Bed counts will drop to nearly half over the next four years despite a doubling of patients with dementia in the coming years, union says.
London (22 Sept. 2010) - The Ontario Public Service Employees Union (OPSEU/NUPGE) says it is time to stop cutting beds and do an updated mental health care needs assessment in the London area.
OPSEU has released a report, entitled No Place To Go, following a summer of confusion over bed transfers from Regional Mental Health Care (RMHC) in London and St. Thomas.
Bed counts will drop to nearly half over the next four years with 138 beds being transferred away from the RMHC and as many as 80 beds disappearing entirely.
The union argues that while the target bed counts come from the 13-year old recommendations of a provincial health services restructuring commission, the government has failed to provide promised replacement care in the community.
“The health restructuring commission was very clear that none of these beds should be lost before services are replaced in the community,” says OPSEU president Warren (Smokey) Thomas. “They cut the beds, but they never even came close to replacing those services elsewhere.”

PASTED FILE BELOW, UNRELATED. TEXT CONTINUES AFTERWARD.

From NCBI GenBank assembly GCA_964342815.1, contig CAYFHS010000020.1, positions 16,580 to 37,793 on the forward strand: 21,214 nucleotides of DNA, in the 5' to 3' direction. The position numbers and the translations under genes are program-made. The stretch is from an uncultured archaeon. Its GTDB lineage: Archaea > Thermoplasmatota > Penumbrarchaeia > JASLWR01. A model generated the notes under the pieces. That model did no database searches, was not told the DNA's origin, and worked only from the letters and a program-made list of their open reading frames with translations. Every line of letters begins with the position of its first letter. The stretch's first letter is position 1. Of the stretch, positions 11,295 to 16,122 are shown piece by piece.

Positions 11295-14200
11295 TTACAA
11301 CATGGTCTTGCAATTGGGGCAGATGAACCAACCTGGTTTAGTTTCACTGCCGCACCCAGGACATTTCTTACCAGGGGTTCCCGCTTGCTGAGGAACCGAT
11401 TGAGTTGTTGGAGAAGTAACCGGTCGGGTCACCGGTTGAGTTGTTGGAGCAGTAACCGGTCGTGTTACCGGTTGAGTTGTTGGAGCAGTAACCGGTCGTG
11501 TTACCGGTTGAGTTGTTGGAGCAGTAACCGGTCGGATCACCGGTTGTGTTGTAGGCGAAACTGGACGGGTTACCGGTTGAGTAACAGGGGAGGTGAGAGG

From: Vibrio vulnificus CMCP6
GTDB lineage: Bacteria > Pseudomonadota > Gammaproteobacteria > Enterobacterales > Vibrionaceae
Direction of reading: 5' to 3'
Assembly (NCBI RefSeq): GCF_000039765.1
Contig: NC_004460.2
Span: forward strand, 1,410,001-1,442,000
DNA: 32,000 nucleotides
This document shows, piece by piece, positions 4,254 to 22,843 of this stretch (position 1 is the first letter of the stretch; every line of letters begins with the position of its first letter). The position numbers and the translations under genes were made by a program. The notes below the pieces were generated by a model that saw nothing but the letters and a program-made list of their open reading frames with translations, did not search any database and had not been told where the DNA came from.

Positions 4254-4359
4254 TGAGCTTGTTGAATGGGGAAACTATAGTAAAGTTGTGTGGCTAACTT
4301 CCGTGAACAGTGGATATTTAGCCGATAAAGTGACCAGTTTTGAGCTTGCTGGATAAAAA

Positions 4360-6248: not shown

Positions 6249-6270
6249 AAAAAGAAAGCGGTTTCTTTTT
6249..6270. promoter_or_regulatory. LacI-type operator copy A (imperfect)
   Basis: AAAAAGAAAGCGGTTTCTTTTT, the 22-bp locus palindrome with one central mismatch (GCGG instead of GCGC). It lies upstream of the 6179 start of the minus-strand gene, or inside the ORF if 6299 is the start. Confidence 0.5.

The union says the cost of implementing the commission's recommendations on a selective basis has been high.
The government’s own discussion paper acknowledges that mental health and addictions cost the Ontario economy $39 billion per year and that for every dollar spent on mental health $7 is saved in health costs and another $30 in lost productivity.
The union is also concerned that relying on a 13-year-old planning document may not take into consideration more recent demographic projections.
For example, the Alzheimer’s Society of Ontario (ASO) has projected the number of Ontarians with dementia to double within the next 25 years. With just half the number beds in the future, this could put London’s mental health services under incredible stress.
OPSEU is recommending that the plans for the new RMHC be placed on hold until a needs assessment can be completed, one that takes into account a 10-year provincial mental health plan that is expected to be completed later this year.
“You don’t make major changes to services first, then plan later,” says Thomas. “With private consortiums bidding on the new RMHC in London and St. Thomas, it’s important we get this right.”
The National Union of Public and General Employees (NUPGE) is one of Canada's largest labour organizations with over 340,000 members. Our mission is to improve the lives of working families and to build a stronger Canada by ensuring our common wealth is used for the common good. NUPGE
Download OPSEU report: No Place to Go